Saudi Arabia and Pakistan chose not to attend the Muslim summit convened in Malaysia on Wednesday. The summit was organized largely on the impulse of Turkish President Recep Tayyip Erdogan, who is presiding over the event with Malaysian Prime Minister Mahathir Mohamad.
Erdogan arrived in Malaysia with a sizable entourage, including First Lady Emine Erdogan and most of his top ministers, plus heavyweights from the ruling Islamist AKP Party. Unfortunately for Erdogan’s ambitions, Saudi Arabia chose not to attend, triggering a string of demurrals that culminated in Pakistan bowing out.
Saudi Arabia’s Al-Arabiya found the summit in rather poor shape on Wednesday morning:
Explaining its decision to stay away, Saudi Arabia said the summit was the wrong forum for matters of importance to the world’s 1.75 billion Muslims. Saudi state news agency SPA reported that on a call with Mahathir on Tuesday, King Salman reaffirmed that such issues should be discussed through the Organization of Islamic Cooperation.
Even as delegations were arriving in Kuala Lumpur, Malaysian officials were unable to provide a final list of who would be attending. Mahathir’s office said invitations had been sent to all 56 OIC member states, but officials said only about 20 were sending delegations, and fewer would be led by heads of state.
One Saudi commentator said the summit was intended to further the cause of the Muslim Brotherhood, an Islamist regional group that is classed as a terrorist network by Saudi Arabia, the UAE, Egypt and Bahrain.
Critics saw no good reason to create a much smaller group than the Organization of Islamic Cooperation (OIC) to tackle “divisive issues including the Kashmir region, which is disputed between India and Pakistan, the conflicts in Syria and Yemen, the plight of Myanmar’s Rohingya Muslim minority and mounting outrage over China’s camps for Uighur Muslims in Xinjiang,” to quote Al-Arabiya’s summary of the likely summit agenda. No official list of topics to be covered or final list of confirmed attendees had been released as of Wednesday morning.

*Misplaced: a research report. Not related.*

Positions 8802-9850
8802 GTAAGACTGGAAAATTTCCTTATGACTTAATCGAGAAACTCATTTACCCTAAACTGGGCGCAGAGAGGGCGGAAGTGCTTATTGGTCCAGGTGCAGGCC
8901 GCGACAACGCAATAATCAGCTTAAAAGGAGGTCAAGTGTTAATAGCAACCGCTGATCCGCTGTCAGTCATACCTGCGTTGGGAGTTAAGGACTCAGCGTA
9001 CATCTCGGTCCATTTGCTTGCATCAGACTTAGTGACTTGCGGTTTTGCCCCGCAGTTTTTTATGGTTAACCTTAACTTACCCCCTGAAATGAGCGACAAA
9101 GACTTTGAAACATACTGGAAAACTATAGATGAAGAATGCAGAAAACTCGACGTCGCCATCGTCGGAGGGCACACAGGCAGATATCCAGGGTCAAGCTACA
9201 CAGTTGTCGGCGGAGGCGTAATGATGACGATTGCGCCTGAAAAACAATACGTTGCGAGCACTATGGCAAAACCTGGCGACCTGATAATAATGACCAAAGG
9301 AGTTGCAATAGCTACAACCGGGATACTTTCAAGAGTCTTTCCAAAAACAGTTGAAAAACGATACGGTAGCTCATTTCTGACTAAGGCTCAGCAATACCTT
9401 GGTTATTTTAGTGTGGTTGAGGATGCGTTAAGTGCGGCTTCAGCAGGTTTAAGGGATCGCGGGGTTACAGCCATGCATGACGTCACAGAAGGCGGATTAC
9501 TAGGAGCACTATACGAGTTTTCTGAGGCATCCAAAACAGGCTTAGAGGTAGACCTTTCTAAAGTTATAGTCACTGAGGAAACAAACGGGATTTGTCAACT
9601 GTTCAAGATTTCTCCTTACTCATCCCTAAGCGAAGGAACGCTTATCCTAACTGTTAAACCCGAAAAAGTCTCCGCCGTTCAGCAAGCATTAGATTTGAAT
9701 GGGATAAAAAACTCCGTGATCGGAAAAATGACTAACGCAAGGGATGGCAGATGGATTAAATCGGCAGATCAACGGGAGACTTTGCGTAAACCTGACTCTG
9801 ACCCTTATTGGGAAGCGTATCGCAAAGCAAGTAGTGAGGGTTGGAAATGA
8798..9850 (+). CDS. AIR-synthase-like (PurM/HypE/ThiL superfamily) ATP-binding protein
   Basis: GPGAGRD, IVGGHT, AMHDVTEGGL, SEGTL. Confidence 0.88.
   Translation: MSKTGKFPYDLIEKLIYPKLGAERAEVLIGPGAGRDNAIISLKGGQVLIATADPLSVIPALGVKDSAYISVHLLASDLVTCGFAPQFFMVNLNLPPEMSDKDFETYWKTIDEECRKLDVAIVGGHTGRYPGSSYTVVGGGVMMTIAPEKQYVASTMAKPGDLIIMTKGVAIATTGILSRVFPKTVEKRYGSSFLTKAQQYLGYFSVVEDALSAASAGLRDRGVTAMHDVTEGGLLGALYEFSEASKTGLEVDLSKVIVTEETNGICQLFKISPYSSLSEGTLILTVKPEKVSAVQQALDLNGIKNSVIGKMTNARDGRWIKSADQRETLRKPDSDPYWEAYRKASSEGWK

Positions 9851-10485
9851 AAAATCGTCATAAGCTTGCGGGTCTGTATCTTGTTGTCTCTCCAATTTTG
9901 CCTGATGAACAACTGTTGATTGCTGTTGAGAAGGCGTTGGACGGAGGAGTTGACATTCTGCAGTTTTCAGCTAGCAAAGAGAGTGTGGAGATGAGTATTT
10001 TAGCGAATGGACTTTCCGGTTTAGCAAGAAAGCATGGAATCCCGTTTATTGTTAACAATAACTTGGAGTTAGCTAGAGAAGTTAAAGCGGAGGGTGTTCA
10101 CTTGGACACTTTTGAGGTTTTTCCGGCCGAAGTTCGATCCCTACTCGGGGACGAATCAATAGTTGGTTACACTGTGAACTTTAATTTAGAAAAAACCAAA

On the other hand, obvious bad reasons for the summit would include the above-mentioned push to legitimize the Muslim Brotherhood and Erdogan’s longtime ambition to position himself as the new champion and guiding political force of global Islam – a new “sultan” or “caliph,” as his detractors often put it.
Malaysian Prime Minister Mahathir Mohamad did point out one significant area in which the summiteers have a major difference of opinion with the OIC: China’s abuse of the Uyghur Muslims in Xinjiang province. He made it clear in comments before the summit that he believes the OIC should speak out more forcefully against China on the Uyghur matter.
Iran and Qatar are attending the summit, sending President Hassan Rouhani and Emir Tamim bin Hamid al-Thani respectively, which could be another reason Saudi Arabia and many of its allies stayed away. The official reason given by the Saudis, and conveyed to Mahathir by King Salman bin Abdulaziz in a phone call on Tuesday, is that Riyadh does not wish to undermine the OIC.
Mahathir’s office responded by insisting the summit was not an effort to create “a new bloc as alluded to by some of its critics” and promised the meeting would not become “a platform to discuss religion or religious affairs,” meaning the kind of inter-Islamic feuds likely to erupt between various Sunni blocs and the Iranian Shiite axis when they gather around the same meeting table to hammer out contentious secular issues.
Pakistani Prime Minister Imran Khan contacted both Mahathir and Erdogan to express his regrets for not attending, without going into much detail about why he would not pay a visit to Kuala Lumpur. Khan’s absence was seen as particularly irksome because he discussed the possibility of holding the summit with Erdogan at the U.N. General Assembly in September and publicly accepted an invitation to attend in November.
Pakistani Foreign Minister Shah Mehmood Qureshi conceded on Wednesday that Pakistan responded to concerns from Saudi Arabia and the United Arab Emirates about the summit, specifically that the meeting could cause “division in the ummah” (i.e. Muslims worldwide) and dilute the authority of the OIC.
According to Qureshi, Pakistan worked to address Saudi Arabia’s concerns and even suggested Mahathir fly to Riyadh to personally invite King Salman to the summit, but Mahathir could not work out a schedule for making the trip. Pakistani PM Khan did travel to Saudi Arabia, but his visit was ostensibly intended to resolve some policy differences between the Saudis and Malaysians, rather than persuading the Saudis to attend the summit.